Very, Very Slow and Boring – Might Be the Best Film of the Year.
Yo, this be Reuben. 2016 hasn’t been an incredible year for films, per say, as we’ve been graced with a selection of crappy films in Batman v Superman (although not as crappy), Zoolander 2 and Independence Day Resurgence, and that selection is much bigger than I’m used to seeing in a year. However, we’ve also been given a li’l handful of great-uns, like The Nice Guys, Kubo and the Two Strings (I mean, wouldn’t you be proud of this many links?), and now Arrival. Arrival, in fact, both competes with Kubo for the topspot of most recommendable movies this year, and is up there as one of the greatest sci-fi’s of the decade.
Arrival achieves this such a feet primarily with its mind-bending story, which follows Louise Banks’ journey from the day of “arrival” and onward, with freaky-deaky timing and language skills. When the extra-terrestrials arrive on Earth, the world is left in utter confusion and shock, and experts and military officials alike are sent to the mysterious vessels that have arrived on the planet – Louise and her team are sent to the Montana vessel to investigate what the hell is going on.
The plot is an interesting one, which somehow manages to put language, science and sheer awesomeness in a blender without it being some kind of hipster-infested mess. It’s captivating as there is always something new slapped onto the table, and thought-provoking as there are many questions explored – and, for the most part, answered – at the same time as the world being on the brink of global war with growing tensions and all dat.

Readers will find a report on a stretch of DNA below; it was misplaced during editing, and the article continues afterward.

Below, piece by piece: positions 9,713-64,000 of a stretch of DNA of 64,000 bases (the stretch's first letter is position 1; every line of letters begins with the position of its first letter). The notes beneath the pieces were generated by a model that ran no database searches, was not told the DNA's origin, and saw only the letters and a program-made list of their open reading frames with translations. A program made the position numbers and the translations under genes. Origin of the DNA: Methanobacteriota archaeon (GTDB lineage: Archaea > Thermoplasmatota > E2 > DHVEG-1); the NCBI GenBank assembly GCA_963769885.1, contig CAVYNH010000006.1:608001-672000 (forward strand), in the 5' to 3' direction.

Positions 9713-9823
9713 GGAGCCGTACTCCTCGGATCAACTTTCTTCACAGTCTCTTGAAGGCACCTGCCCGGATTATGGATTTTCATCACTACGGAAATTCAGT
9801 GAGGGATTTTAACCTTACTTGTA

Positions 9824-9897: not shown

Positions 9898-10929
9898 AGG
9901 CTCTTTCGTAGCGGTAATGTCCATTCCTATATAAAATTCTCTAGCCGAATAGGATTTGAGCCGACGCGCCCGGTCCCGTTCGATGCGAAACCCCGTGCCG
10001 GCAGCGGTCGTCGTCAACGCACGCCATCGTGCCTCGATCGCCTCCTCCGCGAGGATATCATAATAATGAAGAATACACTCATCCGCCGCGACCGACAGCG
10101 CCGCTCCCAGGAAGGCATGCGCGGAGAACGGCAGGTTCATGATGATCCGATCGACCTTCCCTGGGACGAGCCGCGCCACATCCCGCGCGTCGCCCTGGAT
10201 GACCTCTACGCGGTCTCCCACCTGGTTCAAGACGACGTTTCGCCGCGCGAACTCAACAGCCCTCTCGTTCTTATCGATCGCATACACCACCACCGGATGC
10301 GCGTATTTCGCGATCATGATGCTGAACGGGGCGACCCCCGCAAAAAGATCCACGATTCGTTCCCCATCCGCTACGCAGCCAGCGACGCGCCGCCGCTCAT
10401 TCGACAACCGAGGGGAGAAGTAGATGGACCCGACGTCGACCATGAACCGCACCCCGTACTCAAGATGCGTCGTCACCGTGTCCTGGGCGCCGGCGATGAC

The inventiveness on show is fantastic in Arrival, as the ominous spherical spacecrafts. fantastic camerawork and progressive pacing that make the film a gradual, atmospheric and thus memorable flick – which is exemplified by the bassy and spacey score, which along with sounding like if Opeth went into space rock, shows why soundtrack is such an important aspect of a film.
That ‘fantastic camerawork’ I mentioned includes a number of awe-inspiring scenic shots and close character shots, which give Arrival a claustrophobic layer that adds to the intrigue of the plot and gives the atmosphere some extra spice.
Of course, a film needs good characters and casting to top it all off. Arrival gets both spot on. Honestly, I only saw Amy Adams before this in Man of Steel and Batman v Superman, and she was oh so average in both. However, in this doohickey she absolutely steals the show (as ol’ Louise). Another great one is Jeremy Renner as Ian, her partner in research and being good at acting, and he is very strong, giving a light-hearted and genuine layer to the character of the film.
You might be thinking I’m gonna give this a perfect score at this rate. Well, I’m not. Because, for one, I think that it’s a little too gradual, and a bit of extra cutting could have done it good – although I do think the gradual feel is important. There’s also the issue in that if there was a bit of action in there, I would have enjoyed it a bit more, because I’m a stupid teenager. So, it’s not the complete film.
To conclude, Arrival is, as I said at the start, possibly the best film this year, although it might have to fight Kubo and the Two Strings for that title. Its awesome aesthetic, brilliant score, characters, story and performances totally make up for a lack of action (which is a genuine sorta kinda qualm of sorts), as it is one of the most atmospheric films I’ve ever seen — and that’s a very good thing. Any sci-fi fan should go and see this right now.
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